The Obama administration is defending President Barack Obama’s record of peace as president, after reporters questioned the Nobel Peace Prize award bestowed on him in 2009.
White House Press Secretary Josh Earnest cited Obama’s 2009 acceptance speech at the Nobel ceremony, arguing that he successfully used American diplomacy to advance the country’s values around the world.
“I feel confident in telling you that the president feels that he’s lived up to the standard he set up for himself in that speech,” he said.
Earnest cited Obama’s willingness to meet with activists and opposition figures around the world, supporting the cause of peace around the world.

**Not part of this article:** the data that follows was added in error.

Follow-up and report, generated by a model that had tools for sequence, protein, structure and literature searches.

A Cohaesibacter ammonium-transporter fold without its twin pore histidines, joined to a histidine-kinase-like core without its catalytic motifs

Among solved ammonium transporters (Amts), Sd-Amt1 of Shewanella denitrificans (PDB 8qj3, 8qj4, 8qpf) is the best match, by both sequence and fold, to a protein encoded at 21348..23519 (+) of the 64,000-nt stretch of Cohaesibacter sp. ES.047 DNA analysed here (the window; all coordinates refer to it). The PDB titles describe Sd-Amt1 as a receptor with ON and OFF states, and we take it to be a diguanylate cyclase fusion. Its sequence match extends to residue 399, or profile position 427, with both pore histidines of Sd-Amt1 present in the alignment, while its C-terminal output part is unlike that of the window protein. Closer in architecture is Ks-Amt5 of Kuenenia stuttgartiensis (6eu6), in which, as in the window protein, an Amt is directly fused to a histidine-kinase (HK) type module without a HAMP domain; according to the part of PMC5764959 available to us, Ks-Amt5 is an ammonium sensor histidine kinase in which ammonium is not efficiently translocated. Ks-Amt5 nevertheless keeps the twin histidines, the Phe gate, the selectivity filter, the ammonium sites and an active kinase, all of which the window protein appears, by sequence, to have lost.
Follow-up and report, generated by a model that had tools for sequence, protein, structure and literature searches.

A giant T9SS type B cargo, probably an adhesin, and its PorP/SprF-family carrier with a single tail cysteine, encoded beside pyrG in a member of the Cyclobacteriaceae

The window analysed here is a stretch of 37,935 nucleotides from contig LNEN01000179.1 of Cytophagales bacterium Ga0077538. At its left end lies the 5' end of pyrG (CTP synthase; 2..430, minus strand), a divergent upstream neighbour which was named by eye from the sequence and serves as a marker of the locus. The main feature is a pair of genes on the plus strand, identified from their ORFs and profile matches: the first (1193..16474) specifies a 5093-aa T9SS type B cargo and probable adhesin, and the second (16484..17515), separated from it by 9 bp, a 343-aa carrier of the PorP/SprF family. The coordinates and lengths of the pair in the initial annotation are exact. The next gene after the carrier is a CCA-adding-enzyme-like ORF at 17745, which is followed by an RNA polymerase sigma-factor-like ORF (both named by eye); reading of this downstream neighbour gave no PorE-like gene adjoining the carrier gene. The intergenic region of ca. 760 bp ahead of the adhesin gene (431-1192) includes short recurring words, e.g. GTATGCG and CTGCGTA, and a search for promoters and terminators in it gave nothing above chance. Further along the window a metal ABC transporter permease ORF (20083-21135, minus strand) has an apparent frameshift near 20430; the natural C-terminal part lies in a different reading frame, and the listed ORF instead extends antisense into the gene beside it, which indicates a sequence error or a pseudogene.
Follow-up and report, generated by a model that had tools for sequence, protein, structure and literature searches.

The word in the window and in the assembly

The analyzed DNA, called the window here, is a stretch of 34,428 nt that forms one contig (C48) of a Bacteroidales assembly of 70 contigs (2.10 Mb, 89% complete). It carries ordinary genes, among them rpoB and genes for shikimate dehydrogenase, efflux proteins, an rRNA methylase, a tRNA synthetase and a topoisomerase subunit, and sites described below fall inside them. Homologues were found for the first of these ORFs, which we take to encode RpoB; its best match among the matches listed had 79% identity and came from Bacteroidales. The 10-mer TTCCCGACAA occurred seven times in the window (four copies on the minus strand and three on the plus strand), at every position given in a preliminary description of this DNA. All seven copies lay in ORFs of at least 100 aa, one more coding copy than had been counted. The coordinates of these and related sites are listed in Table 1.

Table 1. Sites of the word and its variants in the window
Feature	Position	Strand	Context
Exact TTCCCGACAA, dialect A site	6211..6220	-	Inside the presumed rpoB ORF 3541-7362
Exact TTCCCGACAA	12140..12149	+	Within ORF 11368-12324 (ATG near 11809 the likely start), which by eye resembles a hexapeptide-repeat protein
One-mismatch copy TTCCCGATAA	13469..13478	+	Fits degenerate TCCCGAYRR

“The president is quite proud of his record,” Earnest replied, despite Obama’s continued commitment to military combat in Afghanistan and Iraq as well as his drone program to wipe out terrorists.
He admitted that although there were doubters that Obama deserved the prize after getting elected president, but they could now look at Obama’s record as president as proof.
“The president is quite proud of his record,” Earnest concluded.
Obama is meeting with the 2016 class of Nobel laureates at the White House later Wednesday afternoon. Singer and songwriter Bob Dylan, who was awarded the Nobel Prize in literature, is not attending the meeting, but several other winners are taking the opportunity to meet the president.
Obama met with Dylan in 2012, at a ceremony awarding him the Medal of Freedom.